What was the effect of the Dirty War in Argentina?
The military dictatorship that resulted called itself the “Process of National Reorganization,” or “Proceso,” and dubbed its activities the Dirty War. But the war wasn’t with outside forces: It was with the Argentinian people. The war ushered in a period of state-sponsored period of torture and terrorism.
What ended the Dirty War in Argentina?
1976 – 1983
How did the Argentine Dirty War start?
After a military junta led by Gen Jorge Videla seized power in Argentina on 24 March 1976, it began a campaign to wipe out left-wing opponents. Some 30,000 people were killed or forcibly disappeared during the “Dirty War”, as the campaign came to be known.
What was the purpose of the dirty war?
The new regime under General Jorge Rafael Videla attempted to apply a monetarist solution to economic problems and launched what it called the war against subversion, which came to be widely known to others as the “dirty war”, in an attempt to defeat definitively left-wing guerrilla activity that was out of control by …
When was Argentina’s dirty war?
Why did the dirty war occur?
The “dirty war” was a campaign waged by Argentina’s military rulers against left-wing opponents. It began when a military junta led by Gen Jorge Videla seized power on 24 March 1976, in response to a period of political instability and growing violence after the death of President Juan Peron.
What are dirty wars?
Dirty wars are offensives conducted by regimes against their dissidents, marked by the use of torture and forced disappearance of civilians.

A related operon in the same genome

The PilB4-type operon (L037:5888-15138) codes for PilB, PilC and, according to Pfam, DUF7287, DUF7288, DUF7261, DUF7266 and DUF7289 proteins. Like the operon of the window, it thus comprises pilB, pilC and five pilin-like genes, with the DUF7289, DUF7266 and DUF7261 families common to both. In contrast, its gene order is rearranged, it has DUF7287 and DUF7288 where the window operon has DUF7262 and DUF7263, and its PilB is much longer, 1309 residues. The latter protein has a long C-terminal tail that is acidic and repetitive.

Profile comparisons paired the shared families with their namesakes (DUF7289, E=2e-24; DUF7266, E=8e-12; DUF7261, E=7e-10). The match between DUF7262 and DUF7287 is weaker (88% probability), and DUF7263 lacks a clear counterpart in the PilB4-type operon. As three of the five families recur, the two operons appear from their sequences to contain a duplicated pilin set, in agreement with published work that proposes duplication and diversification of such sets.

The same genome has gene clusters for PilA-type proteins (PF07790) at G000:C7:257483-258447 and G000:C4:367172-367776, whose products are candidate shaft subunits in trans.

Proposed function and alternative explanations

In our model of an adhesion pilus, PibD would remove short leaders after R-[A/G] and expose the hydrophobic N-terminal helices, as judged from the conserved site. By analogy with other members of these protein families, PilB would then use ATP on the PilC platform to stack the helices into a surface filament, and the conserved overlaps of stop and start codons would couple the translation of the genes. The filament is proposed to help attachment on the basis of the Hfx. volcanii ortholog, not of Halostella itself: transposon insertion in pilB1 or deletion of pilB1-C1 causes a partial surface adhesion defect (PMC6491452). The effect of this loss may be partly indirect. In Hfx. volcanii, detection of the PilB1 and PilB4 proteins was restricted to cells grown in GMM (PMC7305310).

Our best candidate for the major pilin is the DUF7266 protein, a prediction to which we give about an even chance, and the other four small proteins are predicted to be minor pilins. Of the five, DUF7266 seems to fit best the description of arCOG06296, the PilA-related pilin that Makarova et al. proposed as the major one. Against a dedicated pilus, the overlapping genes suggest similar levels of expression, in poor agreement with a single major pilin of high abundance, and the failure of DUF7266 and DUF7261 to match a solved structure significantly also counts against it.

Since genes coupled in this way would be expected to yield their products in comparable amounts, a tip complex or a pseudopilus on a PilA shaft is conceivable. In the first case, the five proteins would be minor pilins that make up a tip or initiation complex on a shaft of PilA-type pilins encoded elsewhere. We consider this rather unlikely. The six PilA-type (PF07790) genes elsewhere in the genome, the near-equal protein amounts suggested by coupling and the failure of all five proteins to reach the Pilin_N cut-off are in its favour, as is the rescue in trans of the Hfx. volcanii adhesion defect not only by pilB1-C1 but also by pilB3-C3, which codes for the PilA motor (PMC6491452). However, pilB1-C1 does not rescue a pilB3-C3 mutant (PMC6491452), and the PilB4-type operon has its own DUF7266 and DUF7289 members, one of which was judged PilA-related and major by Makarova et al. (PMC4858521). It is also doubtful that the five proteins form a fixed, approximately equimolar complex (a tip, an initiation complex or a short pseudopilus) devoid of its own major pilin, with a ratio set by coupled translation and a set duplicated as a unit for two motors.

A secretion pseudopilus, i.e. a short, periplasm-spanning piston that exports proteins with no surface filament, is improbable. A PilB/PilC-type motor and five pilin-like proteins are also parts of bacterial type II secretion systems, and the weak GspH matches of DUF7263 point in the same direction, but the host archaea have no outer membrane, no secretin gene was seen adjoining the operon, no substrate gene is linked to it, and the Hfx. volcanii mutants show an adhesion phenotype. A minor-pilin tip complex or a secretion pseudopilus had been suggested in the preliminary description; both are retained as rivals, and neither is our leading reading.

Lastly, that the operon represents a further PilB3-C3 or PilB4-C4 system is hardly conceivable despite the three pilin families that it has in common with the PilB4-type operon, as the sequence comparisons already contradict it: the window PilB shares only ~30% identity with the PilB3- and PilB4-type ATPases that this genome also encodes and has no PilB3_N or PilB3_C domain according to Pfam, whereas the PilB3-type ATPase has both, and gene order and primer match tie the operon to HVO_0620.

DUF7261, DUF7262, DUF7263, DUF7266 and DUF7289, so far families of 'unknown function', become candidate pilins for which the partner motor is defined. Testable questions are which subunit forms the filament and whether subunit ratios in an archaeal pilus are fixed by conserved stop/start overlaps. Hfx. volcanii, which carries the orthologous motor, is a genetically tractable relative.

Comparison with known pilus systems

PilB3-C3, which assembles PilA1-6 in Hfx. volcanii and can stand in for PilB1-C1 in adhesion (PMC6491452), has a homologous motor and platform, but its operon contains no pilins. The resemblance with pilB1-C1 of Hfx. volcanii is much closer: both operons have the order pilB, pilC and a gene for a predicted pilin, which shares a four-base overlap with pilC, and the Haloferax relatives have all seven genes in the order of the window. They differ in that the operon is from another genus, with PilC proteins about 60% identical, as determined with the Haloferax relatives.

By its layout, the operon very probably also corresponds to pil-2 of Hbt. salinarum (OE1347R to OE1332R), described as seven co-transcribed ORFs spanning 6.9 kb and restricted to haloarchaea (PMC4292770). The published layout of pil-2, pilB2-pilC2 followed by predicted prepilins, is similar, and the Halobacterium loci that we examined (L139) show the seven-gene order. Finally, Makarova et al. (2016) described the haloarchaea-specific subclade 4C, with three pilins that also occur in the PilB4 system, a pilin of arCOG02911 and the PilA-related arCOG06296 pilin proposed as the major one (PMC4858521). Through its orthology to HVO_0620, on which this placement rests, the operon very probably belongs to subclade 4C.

What did Argentina do during the Dirty War?
Argentine military and security forces also created paramilitary death squads, operating behind “fronts” as supposedly independent units. Argentina coordinated actions with other South American dictatorships during Operation Condor.
What did the military do during the Dirty War?
The junta, calling itself the National Reorganization Process, organized and carried out strong repression of political dissidents (or perceived as such) through the government’s military and security forces. They were responsible for the arrest, torture, killings and/or forced disappearances of an estimated 9,000 people.
Who was the US Secretary of State during the Dirty War?
Although at least six U.S. citizens had been “disappeared” by the Argentine military by 1976, high-ranking state department officials including then Secretary of State Henry Kissinger had secretly backed up Argentina’s new military rulers.
Why was the Dirty War called desaparecidos?
These actions against victims called desaparecidos because they simply “disappeared” without explanation were confirmed via Scilingo, who has publicly confessed his participation in the Dirty War, stating that the Argentinian military “did worse things than the Nazis”.